Sunday, November 1, 2015

Going Postal, Or How I Read a Satire of Bureaucracy and Government and Lived to Tell About It.

Going Postal, Or How I Read a Satire of Bureaucracy and Government and Lived to Tell About It.
By Daniel Shultz


            The late British author Sir Terry Pratchett was a very prolific author. For his most popular series, the discworld, Pratchett wrote 41 novels. From 1986 to 2007 Pratchett released at least a book a year. During this time he also worked on a few collaborative novels with other authors, including Stephen Baxter, and Neil Gaiman.  This prolific career as well as Pratchett’s knack for witty satire and silly humor has lead to Pratchett being considered by many to be one of the greatest authors Britain has produced.

            Unfortunately the genre Pratchett wrote in, fantasy, keeps him under the radars of many who might enjoy his novels. Often fantasy novels keeps non-initiated readers away with their length and steep learning curve. For every universally accepted classic like the Chronicles of Narnia and The Lord of the Rings there are dozens of novels and series that languish unread or unconsidered by many readers.
            Pratchett’s novels should offer a gateway to the fantasy genre. Each of the Discworld novels is a stand alone novel, often times introducing new characters and situations which require little knowledge of other books to enjoy. The humor and satire of Pratchett’s novels have as much to do with the real world as any satirical novel written by a literati snob.  The best example of this also happens to be Pratchett’s best novel.
            Going Postal was Pratchett’s 33rd Discworld novel and was released in 2003. The book contains perhaps Pratchett’s most fascinating and compelling main character, Moist Von Lipwig. Moist, a professional criminal and con artist, is finally caught and sentenced to death in the city of Anhk-Morpork. After being “executed”, Moist finds himself very much alive and being forced by the locale’s Despot, Lord Havelock Vetinari, into running the Postal Service. The Postal Service is a decrepit and run down institution that is much ignored by the city’s population. In contrast a new invention, the clacks (a sort of telegraph, that uses towers to communicate between distances.), is a booming business that is making its unscrupulous owners a fortune.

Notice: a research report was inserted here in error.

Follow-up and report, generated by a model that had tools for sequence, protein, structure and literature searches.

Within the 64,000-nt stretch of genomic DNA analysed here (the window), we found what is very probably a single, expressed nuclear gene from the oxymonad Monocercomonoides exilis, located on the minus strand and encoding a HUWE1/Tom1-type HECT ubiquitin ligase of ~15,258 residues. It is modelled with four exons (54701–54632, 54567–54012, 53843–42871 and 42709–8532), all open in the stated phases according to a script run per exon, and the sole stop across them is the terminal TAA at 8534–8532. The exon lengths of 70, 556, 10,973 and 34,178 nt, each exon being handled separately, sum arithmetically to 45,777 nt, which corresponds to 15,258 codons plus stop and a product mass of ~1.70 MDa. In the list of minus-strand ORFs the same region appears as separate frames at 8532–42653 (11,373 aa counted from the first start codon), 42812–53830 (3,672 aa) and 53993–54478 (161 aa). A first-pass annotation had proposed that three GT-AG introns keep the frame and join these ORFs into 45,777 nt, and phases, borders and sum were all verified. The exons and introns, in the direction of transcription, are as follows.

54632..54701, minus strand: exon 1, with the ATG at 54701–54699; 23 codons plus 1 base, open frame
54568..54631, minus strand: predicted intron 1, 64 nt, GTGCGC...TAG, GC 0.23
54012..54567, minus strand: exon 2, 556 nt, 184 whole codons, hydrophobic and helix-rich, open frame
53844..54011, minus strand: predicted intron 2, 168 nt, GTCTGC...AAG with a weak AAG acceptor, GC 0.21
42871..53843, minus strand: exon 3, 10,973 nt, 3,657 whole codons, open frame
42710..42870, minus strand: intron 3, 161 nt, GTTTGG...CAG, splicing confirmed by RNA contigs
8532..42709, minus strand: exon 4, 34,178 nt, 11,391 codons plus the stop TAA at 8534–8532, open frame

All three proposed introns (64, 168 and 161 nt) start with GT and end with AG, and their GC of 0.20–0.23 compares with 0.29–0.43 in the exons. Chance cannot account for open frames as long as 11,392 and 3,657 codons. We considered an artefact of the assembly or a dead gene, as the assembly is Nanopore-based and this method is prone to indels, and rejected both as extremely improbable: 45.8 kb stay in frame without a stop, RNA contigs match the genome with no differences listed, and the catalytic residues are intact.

Moist spends much of the novel trying to find a way to escape the clutches of Anhk-Morprok’s Dictator and the drudgery and terror of a Post Office that hasn’t delivered letters in decades. Much of the humor in the book comes from the pastiche and not-so-unbelievable representation of bureaucracy and government run amok, this clear satire runs up against the results of immoral business practices of the clacks owners and the crafty cons of Moist.
            As the novel progress Moist finds that he is beginning to change into a person altogether different than the person he was before. Might it even be possible that a lifelong criminal might reform and change the money hemorrhaging Postal Service around?
            The message of the novel is as timely as it has ever been, with governments in debt to the ceiling and no end in sight this book offers a glimpse into what a well ordered and constrained system can produce.

            This novel offers a fantastic beginning for someone who is interested in reading fantasy books, reading Pratchett or just reading a good novel. If you haven’t read this book do yourself a favor and go and pick it up, you won’t be disappointed.  

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